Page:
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How to Make Beaded Necklaces

By Jerry Dowdle
Trendy Beaded Necklace

Trendy colors, sparkly beads, luxurious fabric, and natural cording give this beaded necklace a casual, charming, up-to-date look. It is simple to make and requires no special tools, but this design lets you create an accessory for a hard-to-match outfit.

Creating a Beaded Necklace on Fabric and Cord

Things You'll Need

Scissors and a tape measure are the only tools needed to make this necklace. Choosing the color scheme for the beads, silk chiffon fabric, cotton cording and a button, will determine the individual style of the necklace.

Please see last slide for an itemized materials list.

Choose Color Scheme

Choose a monochromatic color scheme for all components of the necklace. Pick a color for the silk chiffon and choose a different shade of that color for the cording, beads, and button.

Choose Focal Bead

Select a large-holed bead for the central focus of the necklace that fits the chosen theme. For example, the natural crystal used as the focal bead in this project can create either a casual or formal necklace style and the neutral color compliments the color scheme.

Prepare Cord and Fabric

Measure and cut 80 inches of cotton cording. Tear a strip of the silk chiffon about 2 inches wide and at least 40 inches long. Tearing the chiffon is easiest and the frayed edges add to the appeal of the necklace.

Begin Necklace

Fold the cotton cording in half, forming a loop at one end. Holding the loop end and the silk strip together, tie a simple overhand knot leaving a 1 inch loop of cord on the end. Cut off excess silk close to the knot.

Upper End of Necklace

Tie four overhand knots at 2 inch intervals, using the cords and silk as a single unit.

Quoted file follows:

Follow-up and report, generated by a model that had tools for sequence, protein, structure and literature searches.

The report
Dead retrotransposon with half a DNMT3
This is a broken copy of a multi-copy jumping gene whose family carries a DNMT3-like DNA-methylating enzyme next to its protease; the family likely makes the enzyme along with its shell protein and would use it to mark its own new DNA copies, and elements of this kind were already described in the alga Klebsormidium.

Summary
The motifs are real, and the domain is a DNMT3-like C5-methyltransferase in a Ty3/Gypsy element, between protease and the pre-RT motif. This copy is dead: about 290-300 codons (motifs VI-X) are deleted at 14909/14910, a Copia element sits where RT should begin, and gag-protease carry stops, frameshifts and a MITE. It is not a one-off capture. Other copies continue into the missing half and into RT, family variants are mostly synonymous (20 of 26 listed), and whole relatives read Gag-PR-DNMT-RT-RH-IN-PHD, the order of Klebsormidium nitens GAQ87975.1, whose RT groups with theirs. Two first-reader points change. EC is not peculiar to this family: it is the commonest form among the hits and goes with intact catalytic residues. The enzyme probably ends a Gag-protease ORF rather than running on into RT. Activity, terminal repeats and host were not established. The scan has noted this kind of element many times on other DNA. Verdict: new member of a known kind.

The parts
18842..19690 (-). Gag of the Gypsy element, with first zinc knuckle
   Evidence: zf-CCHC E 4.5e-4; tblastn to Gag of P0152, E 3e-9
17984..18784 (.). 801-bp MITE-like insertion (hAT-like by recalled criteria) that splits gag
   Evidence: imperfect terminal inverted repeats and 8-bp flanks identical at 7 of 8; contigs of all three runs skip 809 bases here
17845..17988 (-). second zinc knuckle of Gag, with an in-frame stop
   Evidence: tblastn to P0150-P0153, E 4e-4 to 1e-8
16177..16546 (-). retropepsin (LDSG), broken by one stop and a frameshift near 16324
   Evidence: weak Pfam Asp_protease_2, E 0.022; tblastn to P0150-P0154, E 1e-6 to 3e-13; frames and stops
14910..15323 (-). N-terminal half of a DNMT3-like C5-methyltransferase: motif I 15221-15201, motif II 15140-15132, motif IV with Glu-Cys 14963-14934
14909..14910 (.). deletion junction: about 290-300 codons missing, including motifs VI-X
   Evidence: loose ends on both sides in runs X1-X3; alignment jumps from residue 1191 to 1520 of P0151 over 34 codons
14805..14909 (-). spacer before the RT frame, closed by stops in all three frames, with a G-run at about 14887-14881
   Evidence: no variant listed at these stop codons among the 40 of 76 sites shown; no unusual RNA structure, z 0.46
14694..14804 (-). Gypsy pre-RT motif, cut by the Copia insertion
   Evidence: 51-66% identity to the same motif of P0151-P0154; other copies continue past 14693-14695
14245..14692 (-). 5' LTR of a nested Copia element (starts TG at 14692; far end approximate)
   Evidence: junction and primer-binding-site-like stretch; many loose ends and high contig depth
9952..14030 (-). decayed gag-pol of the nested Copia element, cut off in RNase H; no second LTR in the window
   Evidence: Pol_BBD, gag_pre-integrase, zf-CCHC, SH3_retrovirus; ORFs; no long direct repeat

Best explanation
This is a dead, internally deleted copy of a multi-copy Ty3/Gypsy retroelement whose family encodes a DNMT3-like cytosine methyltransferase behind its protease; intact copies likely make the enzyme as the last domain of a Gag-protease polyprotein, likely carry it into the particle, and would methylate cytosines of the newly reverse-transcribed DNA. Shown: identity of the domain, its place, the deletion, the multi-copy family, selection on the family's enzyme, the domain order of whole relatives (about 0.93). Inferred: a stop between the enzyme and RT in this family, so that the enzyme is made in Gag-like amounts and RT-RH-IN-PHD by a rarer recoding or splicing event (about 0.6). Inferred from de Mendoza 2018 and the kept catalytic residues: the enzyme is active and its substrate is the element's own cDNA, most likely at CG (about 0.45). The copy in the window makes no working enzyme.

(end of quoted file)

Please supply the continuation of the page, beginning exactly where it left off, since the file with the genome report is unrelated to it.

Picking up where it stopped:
String Single Bead

String an 11mm bead onto the silk chiffon by twisting a corner of the end of the silk to form a point. Slide the bead up the fabric and position it 1 inch from the fourth knot (it should be snug on the fabric). Tie another overhand knot 1 inch past the bead using the cords and silk as one unit.

String Cording Beads

String alternating sized beads on each cord and tie another overhand knot 2 inches from the last knot, again with the cords and silk as one unit.

String Single Bead

String another 11mm bead on the silk chiffon fabric and tie a knot to create another 2 inch segment.

Stringing Beads

To vary the next 2 inch segment, string 1 inch of alternating sized beads on one cord and knot the cord at the end of the beads. On the other cord, tie a knot in the same location but string 1 inch of beads past this knot. Tie a knot using the cords and silk as one unit to finish this 2 inch segment.

String Focal Bead

String the focal bead onto the necklace using the cords and silk as one unit and slide the bead up to the last knot. Tie another knot on the other side of the bead.

Repeat Pattern

Repeat the pattern stringing beads and tying knots on the other side of the necklace. Tie the knots and string the beads to match the locations on the first side.

Button Closure

After the last knot, string the button by inserting the cords and silk as one unit into the button from the back side first then back through the front. String the button about 2 inches from the previous knot.

Finish Necklace

Holding all cords and silk fabric strips together as one unit with the button at the end, tie a final overhand knot about 1 inch from the button. Cut excess fabric and cord close to the knot. Place the button through the loop on the other end of the necklace to create the closure.

Adjust Necklace

Adjust the necklace by placing the button through desired 2 inch sections.

Tip

Search for beads with large holes. Crystals tend to have smaller holes than what is required for this project, so be sure and carefully check the hole sizes. Choose the cord first and use it to check hole sizes.

If you have trouble stringing the beads on the fabric a small piece of tape rolled on the end of the fabric helps.

Make different versions of this necklace by changing the choice of fabric and beads and varying the length by tying more or less knots.

About the Author

Jerry Dowdle sells her artwear at juried fairs and online at TerranJerran.etsy.com. Her work was recently featured in “Go!” magazine of the “Lawrence Journal World” newspaper. For the past 15 years, Dowdle helped create interactive, multimedia programs for an educational publishing company and holds a Bachelor of Science in education from the University of Kansas.